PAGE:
It’s the end of the year, and the holiday season is upon us. Families will come together to celebrate and spend time together. They’ll exchange gifts and share in delicious meals, including fried turkeys.
But once the festivities are done, what do you do with the used cooking oil, fat or grease?
Don’t pour the cooking oil, fat or grease down the drain, even if you add hot water or soap. Pouring these down the drain can cause a serious problem for home plumbing and Hillsborough County’s wastewater collection system. Cooking oil, fat or grease that is poured down the drain gels and solidifies inside pipes, sewage lines and sewage lift stations, constricting water flow. It can back up home plumbing and cause equipment to malfunction, leading to sewage spills, overflows onto streets and foul odors in homes and neighborhoods.
The used oil can be collected and brought to a number of county collection stations to be recycled into renewable resources and environmentally friendly alternatives used in various industries. There are 24 locations throughout the County, including libraries, several county parks and recreation centers, solid waste transfer stations and a public utility service center. Used cooking oil, fat and grease are collected all year long at these locations. The program is not solely for the holidays.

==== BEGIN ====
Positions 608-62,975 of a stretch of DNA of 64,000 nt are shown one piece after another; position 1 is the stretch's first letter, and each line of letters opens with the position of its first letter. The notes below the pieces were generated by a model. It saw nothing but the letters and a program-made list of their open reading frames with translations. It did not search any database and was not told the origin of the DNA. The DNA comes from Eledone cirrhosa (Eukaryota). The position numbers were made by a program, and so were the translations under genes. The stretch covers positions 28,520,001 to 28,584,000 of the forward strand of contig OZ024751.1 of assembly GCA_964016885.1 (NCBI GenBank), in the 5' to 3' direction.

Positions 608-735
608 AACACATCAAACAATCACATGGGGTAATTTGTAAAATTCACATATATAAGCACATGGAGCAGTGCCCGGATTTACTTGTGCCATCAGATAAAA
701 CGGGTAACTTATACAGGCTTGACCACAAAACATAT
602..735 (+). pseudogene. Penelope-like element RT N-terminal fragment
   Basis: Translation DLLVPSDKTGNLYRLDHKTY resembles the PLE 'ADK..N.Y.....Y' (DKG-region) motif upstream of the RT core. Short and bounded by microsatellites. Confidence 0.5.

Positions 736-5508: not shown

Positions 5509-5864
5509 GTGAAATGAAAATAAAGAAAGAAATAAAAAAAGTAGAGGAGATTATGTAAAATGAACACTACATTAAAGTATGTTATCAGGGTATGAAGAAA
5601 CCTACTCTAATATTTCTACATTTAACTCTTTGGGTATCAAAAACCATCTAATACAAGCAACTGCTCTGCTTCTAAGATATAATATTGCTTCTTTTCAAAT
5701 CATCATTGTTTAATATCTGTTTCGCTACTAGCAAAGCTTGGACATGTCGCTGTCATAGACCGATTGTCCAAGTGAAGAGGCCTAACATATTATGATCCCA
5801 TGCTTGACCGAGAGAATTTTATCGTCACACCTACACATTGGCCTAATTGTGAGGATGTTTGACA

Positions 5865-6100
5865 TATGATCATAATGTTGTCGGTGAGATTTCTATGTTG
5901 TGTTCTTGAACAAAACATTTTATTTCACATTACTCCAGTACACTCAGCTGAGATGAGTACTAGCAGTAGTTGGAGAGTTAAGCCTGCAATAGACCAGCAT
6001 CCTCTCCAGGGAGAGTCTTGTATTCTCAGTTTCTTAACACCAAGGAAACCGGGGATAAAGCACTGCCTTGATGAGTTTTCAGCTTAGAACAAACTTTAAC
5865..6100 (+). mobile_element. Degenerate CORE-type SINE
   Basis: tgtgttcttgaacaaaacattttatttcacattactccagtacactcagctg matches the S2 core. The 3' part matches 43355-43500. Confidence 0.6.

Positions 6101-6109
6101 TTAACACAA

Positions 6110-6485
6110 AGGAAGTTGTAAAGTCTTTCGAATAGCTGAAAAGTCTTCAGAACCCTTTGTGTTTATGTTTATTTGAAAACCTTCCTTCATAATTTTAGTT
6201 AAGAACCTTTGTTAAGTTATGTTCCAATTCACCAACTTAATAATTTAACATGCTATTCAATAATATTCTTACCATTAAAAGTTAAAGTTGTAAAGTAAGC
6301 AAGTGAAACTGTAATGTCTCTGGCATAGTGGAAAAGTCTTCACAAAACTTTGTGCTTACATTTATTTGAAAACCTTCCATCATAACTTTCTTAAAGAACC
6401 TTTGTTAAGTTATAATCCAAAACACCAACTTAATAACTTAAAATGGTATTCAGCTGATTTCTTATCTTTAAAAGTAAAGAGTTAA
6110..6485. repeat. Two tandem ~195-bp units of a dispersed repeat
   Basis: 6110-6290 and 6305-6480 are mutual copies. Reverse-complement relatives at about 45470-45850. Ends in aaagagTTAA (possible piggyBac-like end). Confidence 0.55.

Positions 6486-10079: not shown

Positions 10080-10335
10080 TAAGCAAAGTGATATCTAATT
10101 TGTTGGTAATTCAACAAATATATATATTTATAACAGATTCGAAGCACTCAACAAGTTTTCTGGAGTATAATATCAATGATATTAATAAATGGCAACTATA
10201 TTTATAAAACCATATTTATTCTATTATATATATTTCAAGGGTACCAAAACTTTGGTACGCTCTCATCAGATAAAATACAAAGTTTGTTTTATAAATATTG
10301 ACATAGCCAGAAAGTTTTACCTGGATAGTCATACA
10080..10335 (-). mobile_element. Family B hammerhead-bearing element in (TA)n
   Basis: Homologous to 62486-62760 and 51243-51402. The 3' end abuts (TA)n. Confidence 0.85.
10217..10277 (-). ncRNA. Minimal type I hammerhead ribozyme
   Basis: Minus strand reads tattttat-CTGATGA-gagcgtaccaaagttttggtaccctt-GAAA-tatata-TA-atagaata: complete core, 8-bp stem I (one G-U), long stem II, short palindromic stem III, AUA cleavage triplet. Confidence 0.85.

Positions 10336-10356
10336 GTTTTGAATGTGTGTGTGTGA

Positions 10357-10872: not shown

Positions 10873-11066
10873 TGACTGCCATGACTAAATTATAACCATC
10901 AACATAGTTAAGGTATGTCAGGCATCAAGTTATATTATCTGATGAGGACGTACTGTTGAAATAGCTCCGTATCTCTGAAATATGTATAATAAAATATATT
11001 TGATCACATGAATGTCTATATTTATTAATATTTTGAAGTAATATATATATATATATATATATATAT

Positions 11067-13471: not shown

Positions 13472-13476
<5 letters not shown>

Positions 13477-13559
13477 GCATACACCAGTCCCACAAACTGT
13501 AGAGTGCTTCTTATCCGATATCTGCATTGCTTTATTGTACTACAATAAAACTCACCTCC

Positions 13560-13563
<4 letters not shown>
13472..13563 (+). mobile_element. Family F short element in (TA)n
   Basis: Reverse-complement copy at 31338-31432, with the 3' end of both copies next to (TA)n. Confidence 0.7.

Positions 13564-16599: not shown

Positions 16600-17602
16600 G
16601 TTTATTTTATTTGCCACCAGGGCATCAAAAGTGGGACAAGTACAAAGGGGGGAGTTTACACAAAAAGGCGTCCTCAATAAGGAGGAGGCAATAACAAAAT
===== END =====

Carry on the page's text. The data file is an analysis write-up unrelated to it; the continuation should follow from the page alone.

There are steps to take to properly collect the cooking oil to be recycled. Carefully pour cooled cooking oil into a large, sturdy plastic or glass food-grade container with a lid. Do not use containers that have held petroleum products, such as motor oil. If the container is not full, close the container and store in a cool, safe location. Don’t mix the oil with any other liquids or products. Once the container is full, bring it to a Hillsborough County Cooking Oil Recycling Effort (CORE) station or to a household hazardous waste collection center.
Along with not pouring cooking oil, fat or grease down the drain, don’t flush cooking oil or grease down the toilet, don’t put greasy foods down the garbage disposal and don’t place used cooking oil in the recycling cart.
Additional steps that residents can take to avoid clogging the pipes:
• Scrape leftover food into the trash before washing pots, pans and dishes.
• Use a fine-mesh strainer in the sink to prevent debris from going down the drain.
• Clean out leftover foods from the sink and put it in the trash.